With fierce intellect and Zen-like composure, Howard Lederer is one of the smartest (and nicest) guys in the game. But rather than take this opportunity to discuss the finer points of game theory and philosophy with the professor of poker, what do we go and ask him about? Gambling with cheeseburgers, Olivia Newton-John and semi-naked tricycling. Doh.
Bluff: Howard, what was it like growing up in a games-mad family?
Howard Lederer: Well, I wouldn't quite characterize it as such. But we certainly played a lot of games. We were a competitive family -- competitive at everything, from tennis to academics. But we didn't play much poker back then. Chess was the game I really worked hard at to win. My father taught me to play when I was 7, but he would never let me win. I picked up the game again when I was about 16 and started taking it very seriously. I played my father and I lost the first 30 games, but won Game 31. He wasn't happy, but we played a rematch. In Game 32 I trounced him, and from that day he refused to play me again.
Bluff: And then you went to New York to pursue your chess ambitions
Lederer: After I graduated high school I took a year off to pursue chess, but I found a poker game in the backroom of the chess club -- it was love at first sight.
Bluff: You were leading a kind of twilight existence in those days: Sleeping in the club, collecting glasses for change, losing it at poker. Would it be fair to say you were a little lost?
Lederer: Yes, certainly. But I was young with no responsibilities. I'd left home and didn't really want to go back, because I had issues there. I just wanted to play chess and play poker, so I wasn't hurting anyone but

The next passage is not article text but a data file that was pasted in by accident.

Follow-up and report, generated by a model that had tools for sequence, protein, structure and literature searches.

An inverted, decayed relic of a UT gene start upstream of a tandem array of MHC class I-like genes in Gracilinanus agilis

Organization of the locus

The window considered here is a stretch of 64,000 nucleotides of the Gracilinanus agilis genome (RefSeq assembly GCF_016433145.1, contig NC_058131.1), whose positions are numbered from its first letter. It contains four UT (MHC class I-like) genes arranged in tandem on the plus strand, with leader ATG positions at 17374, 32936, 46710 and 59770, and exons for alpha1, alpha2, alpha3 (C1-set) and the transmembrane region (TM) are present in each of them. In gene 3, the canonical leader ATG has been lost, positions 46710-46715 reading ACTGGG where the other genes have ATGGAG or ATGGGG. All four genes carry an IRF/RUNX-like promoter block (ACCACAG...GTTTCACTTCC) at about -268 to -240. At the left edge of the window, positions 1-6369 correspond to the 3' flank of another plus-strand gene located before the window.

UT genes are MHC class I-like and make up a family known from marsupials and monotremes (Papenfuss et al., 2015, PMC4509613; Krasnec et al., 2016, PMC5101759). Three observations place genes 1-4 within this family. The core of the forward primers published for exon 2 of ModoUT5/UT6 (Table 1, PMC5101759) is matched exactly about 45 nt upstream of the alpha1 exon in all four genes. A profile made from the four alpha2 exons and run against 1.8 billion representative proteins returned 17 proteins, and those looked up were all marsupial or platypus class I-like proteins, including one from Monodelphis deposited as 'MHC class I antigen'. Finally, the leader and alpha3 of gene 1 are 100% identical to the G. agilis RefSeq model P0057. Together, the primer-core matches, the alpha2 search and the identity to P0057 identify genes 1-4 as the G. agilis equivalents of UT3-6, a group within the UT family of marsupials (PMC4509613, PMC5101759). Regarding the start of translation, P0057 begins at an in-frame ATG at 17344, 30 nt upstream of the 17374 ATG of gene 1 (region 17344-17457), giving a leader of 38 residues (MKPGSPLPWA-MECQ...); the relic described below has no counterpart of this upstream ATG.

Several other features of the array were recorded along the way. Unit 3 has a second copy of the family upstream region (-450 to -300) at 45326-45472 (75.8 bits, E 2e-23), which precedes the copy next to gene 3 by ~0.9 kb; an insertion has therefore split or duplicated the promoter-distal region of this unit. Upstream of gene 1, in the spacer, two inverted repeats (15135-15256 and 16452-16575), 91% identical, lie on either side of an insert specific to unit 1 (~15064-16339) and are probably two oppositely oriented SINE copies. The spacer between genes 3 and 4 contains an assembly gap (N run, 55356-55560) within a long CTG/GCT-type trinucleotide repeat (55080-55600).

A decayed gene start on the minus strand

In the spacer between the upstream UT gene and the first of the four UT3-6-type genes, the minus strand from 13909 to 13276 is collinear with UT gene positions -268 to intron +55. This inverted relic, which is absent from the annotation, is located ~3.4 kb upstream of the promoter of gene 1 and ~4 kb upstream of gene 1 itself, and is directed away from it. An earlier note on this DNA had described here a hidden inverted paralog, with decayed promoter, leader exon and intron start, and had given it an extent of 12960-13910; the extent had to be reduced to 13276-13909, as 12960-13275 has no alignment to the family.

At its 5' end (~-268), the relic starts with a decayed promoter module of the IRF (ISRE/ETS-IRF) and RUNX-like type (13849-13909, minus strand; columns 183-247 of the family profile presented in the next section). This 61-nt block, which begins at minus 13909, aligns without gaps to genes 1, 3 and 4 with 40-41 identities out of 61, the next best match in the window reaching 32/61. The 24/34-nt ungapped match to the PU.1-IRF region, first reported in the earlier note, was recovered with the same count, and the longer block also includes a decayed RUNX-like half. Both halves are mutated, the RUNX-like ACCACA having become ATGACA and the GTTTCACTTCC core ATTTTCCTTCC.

myself. I wasn't a very good poker player at all then; I just loved the game. I was channeling a lot of energy into it, but I wasn't necessarily doing it in a very smart way. After about two years, I kinda figured it out, and started building toward something better. It was about finding a little personal maturity and a lot of poker maturity.
Bluff: Then you discovered the legendary Mayfair Club
Lederer: I was awfully fortunate to stumble into that place just as poker was taking off there. It was basically a bridge and backgammon club originally, with the occasional game of gin or Scrabble thrown in. But by the time I arrived on the scene, they'd just started playing poker. This was when my poker education really started to accelerate. For the first time, I was exposed to truly thoughtful world-class games players; not poker players -- not yet, anyway -- but world champion bridge and backgammon players; people who would really attack the game mentally. And out of that group came Erik Seidel, Mickey Appleman, Dan Harrington, Jay Heimowitz, Steve Zolotow and myself. It was no accident. Those guys have made amazing accomplishments in other games: Erik Seidel has won numerous backgammon titles, Steve Zolotow is a world-class bridge player, and they've gone on to great poker success. And it's because we were playing together and sharing our ideas. It was just like a poker laboratory. We'd play all day, and when the playing was done, then the discussion would start.
Bluff: You used to be a professional sports bettor. Any picks for the Super Bowl?
Lederer: I pursued that with vigor for a few years until I started playing poker exclusively. Tips? No, I'm a retired sports bettor. I make my one Super Bowl bet a year these days like everyone else. Although the one tip I
would give is that sports betting is a full-time job. And if you don't make it a full-time job, you won't succeed.
Bluff: Didn't the FBI burst through your door one morning?
Lederer: [Laughs] It wasn't the FBI, it was the Nevada Gaming Commission! They have a hard time telling the difference between sports betting and bookmaking. They operate under the assumption that if you're doing